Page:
On Rejection

girl studying with books and macbook at a coffee shop Photo: Alanna Bagladi

Writing has always been my passion. I remember stumbling into my second-grade classroom the morning of career day, tightly gripping the straps of my Disney princess backpack. While the other kids wanted to be doctors, or lawyers, or teachers, I loudly proclaimed that I was going to be an “author-illustrator-poet.” Not one of them—all of them.

When I tell that story now, as a nineteen-year-old headed into her second year of college, I can’t say that much has changed. Writing professionally is still my dream, a goal that I work towards whenever I can, with illustrating and poetry following closely behind.

As a little kid, I always thought it was going to be easy. Just write a book, and you become an author, write a poem, become a poet, or draw a picture and become an illustrator, right? Wrong. As I work to gather by-lines and writing credits, I’ve found that the path is littered with quite a few more landmines than previously expected. And one of the biggest obstacles so far?


I’m an honors and AP kid turned into an almost adult. I will openly admit that I come from a life of privilege. I work for what I want, sure, but I’ve never deliberately been told no. That an opportunity that I yearn for is simply off the table. And, in the writing career, that ends up happening a lot. It’s not just write and suddenly you become a published author. It’s write, persist, keep writing, be told no, and then maybe, if you’re lucky, find someone who actually likes your work and get published. It rips apart your confidence and makes you feel like you’re not good enough. There’s no point in trying if you’re going to be told no over and over again.

Success is an uphill climb. The rejection is really awful, but seeing some sort of upward motion makes it worth it. When I finally got my first few articles published last summer, it was an unimaginable rush. It wasn’t the biggest publication in the world, nor was it any kind of special record, but it was something, a mark of me slowly making my way to becoming a real author. To making my dreams come true.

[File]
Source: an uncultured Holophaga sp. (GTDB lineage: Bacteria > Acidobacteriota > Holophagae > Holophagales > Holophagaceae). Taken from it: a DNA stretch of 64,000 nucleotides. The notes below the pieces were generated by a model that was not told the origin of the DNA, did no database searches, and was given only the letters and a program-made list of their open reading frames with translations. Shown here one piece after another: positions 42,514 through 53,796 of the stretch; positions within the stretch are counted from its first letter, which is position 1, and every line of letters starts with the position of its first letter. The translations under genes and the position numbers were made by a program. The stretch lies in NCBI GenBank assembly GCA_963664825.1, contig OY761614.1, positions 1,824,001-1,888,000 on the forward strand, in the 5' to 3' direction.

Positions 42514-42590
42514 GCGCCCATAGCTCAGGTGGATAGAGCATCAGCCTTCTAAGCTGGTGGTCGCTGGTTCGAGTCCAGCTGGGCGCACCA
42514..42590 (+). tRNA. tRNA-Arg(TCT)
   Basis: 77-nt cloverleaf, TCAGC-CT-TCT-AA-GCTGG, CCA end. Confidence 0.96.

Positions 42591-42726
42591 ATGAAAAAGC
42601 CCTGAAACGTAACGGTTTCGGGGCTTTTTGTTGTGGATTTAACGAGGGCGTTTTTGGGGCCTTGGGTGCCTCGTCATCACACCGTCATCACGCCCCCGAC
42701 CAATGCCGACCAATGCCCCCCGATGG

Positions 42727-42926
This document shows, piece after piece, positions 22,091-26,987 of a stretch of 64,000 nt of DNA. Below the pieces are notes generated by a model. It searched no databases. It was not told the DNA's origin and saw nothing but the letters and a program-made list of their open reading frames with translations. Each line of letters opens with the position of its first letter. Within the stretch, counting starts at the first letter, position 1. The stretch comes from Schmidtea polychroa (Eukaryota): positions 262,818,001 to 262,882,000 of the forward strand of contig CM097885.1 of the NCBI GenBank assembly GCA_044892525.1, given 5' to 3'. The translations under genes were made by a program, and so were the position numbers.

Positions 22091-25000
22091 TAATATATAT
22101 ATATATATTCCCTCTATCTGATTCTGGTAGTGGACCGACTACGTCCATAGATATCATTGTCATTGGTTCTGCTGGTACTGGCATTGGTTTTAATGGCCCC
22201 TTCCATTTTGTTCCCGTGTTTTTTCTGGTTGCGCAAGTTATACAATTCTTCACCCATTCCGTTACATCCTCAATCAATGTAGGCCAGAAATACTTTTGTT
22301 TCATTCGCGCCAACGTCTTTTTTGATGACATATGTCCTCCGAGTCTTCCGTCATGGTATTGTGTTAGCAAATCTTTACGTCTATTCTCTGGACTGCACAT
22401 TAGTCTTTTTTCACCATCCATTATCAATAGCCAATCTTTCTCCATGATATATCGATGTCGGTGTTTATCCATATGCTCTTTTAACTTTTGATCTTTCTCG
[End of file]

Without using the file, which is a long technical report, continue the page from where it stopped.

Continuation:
No one who’s been successful hasn’t had to deal with rejection. No matter what career or goal in life, it’s undeniable. Somethings just won’t work out, no matter how hard you try. The important part is that you can’t stop trying. There will be thousands of opportunities, you just have to find the one. Before I started contributing to OWTL, I was rejected by three separate communities. It hurt, but it made me work harder. And then, one day, my luck changed. Just when I thought that I should take a break from writing, the editors of OWTL got back to me and accepted me as a contributor. As with anything, it just takes one yes to turn dreams into a reality.

So while I may not be an author-illustrator-poet yet, that second grade dream is still in the making. While I would give the world to become the person who has already made that dream happen, today, right now, the best I can do is just muddle through the hard parts. Because one day, those dreams will be my life, and if that takes a little bit of rejection, I’ll work through it.

Yumna Samie : Storyteller by nature and student by trade. Runner. Reader. Messy bun and pajama enthusiast. Is usually found listening to a podcast and/or burning herself while attempting to bake.